These reactions are fair enough. If we needed a peace department, wouldn’t somebody in government be talking about it? And peace in the world really is a fantasy; I am just foolishly idealistic.
On the other hand, our country is already pursuing a fantasy, the evil and destructive, alternative fantasy that we can forever be stronger than everyone else and overcome their violence with our violence. We are traveling, guns in hand, down a hopeless road on which it ALWAYS seems to be too late to think about peace.
Given these two nearly impossible ways of living, I vote for the fantasy of a peaceful world. I know that we can’t have it unless we can dream it, and I am serious that this is the main thing I want from a presidential candidate.
I will support with sweat and tears and my feeble words any viable candidate who has a serious policy for the pursuit of peace.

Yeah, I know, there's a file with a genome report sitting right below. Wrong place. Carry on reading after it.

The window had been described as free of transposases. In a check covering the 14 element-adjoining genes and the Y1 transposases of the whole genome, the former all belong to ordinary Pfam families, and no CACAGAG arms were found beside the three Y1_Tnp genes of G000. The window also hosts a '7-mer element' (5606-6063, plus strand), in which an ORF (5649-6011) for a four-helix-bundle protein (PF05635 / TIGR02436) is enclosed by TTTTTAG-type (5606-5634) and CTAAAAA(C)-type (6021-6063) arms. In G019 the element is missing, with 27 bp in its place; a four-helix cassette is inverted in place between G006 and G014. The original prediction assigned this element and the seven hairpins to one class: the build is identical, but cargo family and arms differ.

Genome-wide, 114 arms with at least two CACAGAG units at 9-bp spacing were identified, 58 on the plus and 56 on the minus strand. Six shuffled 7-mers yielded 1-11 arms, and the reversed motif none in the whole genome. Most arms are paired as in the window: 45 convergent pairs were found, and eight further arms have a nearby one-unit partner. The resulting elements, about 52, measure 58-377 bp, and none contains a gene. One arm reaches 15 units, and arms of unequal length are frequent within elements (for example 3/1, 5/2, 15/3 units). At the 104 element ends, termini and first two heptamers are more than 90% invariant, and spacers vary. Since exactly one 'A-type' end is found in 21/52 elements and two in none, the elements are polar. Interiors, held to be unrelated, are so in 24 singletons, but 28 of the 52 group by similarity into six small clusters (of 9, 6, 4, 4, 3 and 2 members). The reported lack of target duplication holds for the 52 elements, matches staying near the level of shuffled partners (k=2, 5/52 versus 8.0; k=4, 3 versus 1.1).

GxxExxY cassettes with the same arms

Footnote: Democratic senator and sometime candidate for nomination to the presidency, Dennis Kucinich actually proposed to the American Congress the creation of a cabinet level Department of Peace in 2001 and has brought it back again several times. In September 2005 Walter Cronkite interviewed him about this proposal and expressed support for the idea. You may see the interview by clicking on this link.
Frances Fuller spent thirty years in the violent Middle East and for twenty-four of those years was the director of a Christian publishing program with offices in Lebanon. She is the author of In Borrowed Houses: A True Story of Love and Faith Amidst War In Lebanon, the 2014 winner of “The Author’s Show: 50 Great Writers You Should Be Reading” contest. She blogs at www.inborrowedhouseslebanon.com.